Student work at the Meets Standards level demonstrates proficient knowledge and skills in science. Students effectively apply knowledge and skills to solve problems.
Students who meet the Standards formulate acceptable hypotheses and demonstrate an understanding of the basic concepts of design procedures to test hypotheses. They understand how systematic controlled experiments are designed and the basic concepts of applying statistical methods to assess results. These students identify major experimental design problems, select criteria for a successful solution, and choose the best of different potential design solutions. They modify a model to improve its design and identify some criteria to evaluate the design solution.
Students who meet the Standards demonstrate a basic understanding of how genetic combinations and mutations produce visible effects and variations to the physical features and cellular functions of organisms. They understand how organisms respond to external stimuli and identify basic structures and organization of living things. They understand the significance of evidence that organisms have evolved over time, including the fossil record, vestigial organs, and phylogenetic trees. They identify the abiotic and biotic factors that lead to extinction and speciation. They identify or predict basic mechanisms by which life forms adapt to changes in the environment and demonstrate a basic understanding of how adaptation affects the size and stability of a population.
Students who meet the Standards demonstrate a basic understanding of physical science concepts, such as atomic and nuclear theory, force, momentum and its conservation, mass, energy and its transformations, light, and sound. They analyze reactions, the properties of materials, the relative motion of objects or the effects of the fundamental forces on physical systems. They make connections between classroom activities and real life situations.
Earth and Space Sciences
Students who meet the Standards demonstrate a general understanding of most large-scale dynamic forces, events, and processes of Earth’s systems (for example, the origin and dynamic nature of Earth, such as plate tectonics and the related areas of earthquakes and volcanism; weather and climatic events, and the geological history of the earth, including rocks, minerals, and fossils). They analyze the systems and components of the universe. They demonstrate a basic understanding of how geologic and astronomical events, such as earthquakes, weathering, meteor impacts, and supernovas, occur and the effects of these events. They identify and demonstrate familiarity with common objects in the solar system, such as planets, moons, meteors, and comets, and demonstrate a general understanding of the relationships among them.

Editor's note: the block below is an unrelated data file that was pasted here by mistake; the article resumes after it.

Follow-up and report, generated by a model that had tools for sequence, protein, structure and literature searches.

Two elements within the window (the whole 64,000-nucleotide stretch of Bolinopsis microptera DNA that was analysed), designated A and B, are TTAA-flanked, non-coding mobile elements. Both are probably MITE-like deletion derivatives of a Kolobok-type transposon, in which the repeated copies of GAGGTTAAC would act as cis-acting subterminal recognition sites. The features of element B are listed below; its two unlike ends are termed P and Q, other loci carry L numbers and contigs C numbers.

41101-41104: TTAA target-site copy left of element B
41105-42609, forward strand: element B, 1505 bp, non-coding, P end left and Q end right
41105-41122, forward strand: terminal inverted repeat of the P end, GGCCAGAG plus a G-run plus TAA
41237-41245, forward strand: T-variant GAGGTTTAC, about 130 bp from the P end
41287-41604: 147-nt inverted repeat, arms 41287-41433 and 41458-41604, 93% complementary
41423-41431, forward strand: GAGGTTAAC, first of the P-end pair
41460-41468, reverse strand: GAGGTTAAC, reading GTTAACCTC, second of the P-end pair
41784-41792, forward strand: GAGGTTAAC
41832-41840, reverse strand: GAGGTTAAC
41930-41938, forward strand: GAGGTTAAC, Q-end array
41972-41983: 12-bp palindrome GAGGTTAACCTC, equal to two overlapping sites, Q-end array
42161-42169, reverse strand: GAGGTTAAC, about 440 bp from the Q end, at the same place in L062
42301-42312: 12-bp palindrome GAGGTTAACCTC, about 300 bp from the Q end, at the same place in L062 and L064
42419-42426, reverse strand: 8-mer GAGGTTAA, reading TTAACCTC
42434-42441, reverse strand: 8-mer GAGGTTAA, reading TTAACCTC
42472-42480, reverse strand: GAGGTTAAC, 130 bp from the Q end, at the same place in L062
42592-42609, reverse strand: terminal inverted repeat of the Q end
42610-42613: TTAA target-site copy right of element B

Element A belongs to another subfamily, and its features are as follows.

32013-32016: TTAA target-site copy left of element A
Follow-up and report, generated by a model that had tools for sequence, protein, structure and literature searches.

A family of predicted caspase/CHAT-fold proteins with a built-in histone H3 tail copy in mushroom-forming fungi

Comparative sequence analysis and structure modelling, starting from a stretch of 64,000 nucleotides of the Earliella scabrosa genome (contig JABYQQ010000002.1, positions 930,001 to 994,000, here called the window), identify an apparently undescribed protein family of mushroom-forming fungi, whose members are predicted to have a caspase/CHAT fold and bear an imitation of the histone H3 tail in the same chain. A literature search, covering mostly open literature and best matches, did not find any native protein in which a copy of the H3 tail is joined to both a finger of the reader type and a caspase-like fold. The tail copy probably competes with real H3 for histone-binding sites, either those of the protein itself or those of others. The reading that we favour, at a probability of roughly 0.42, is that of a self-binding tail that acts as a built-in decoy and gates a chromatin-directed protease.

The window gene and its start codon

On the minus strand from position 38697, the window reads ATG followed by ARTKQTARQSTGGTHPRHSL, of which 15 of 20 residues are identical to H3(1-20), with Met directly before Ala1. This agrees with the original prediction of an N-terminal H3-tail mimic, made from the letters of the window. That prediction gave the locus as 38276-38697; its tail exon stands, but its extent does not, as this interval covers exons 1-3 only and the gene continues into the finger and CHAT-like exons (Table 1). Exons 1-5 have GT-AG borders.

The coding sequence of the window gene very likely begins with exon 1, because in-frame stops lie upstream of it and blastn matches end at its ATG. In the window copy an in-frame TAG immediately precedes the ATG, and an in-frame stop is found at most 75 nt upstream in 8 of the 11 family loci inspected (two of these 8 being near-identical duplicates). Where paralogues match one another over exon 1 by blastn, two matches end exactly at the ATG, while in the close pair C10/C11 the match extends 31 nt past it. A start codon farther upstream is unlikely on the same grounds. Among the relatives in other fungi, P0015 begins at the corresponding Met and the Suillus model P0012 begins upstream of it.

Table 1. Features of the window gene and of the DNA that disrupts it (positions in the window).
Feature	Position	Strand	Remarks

Science, Technology, and Society
Students who meet the Standards demonstrate awareness of the most basic applications and implications of laboratory safety. They demonstrate a basic understanding of the criteria that scientists use to evaluate the validity of scientific claims or theories. They explain the strengths, weaknesses and uses of uncomplicated research methodologies. They demonstrate a basic understand of the necessity for experimental replication and peer reviews to support scientific claims. These students demonstrate sufficient knowledge to analyze the political ramifications of familiar scientific and technological advancements, such as nuclear weapons, biological and chemical warfare, and biotechnology. These students understand the basic principles underlying environmental impact studies, cost-benefits analyses, and effects of scientific policies at the local, national, and global levels. These students identify uncomplicated connections between scientific progress and careers, job markets, and other aspects of everyday life.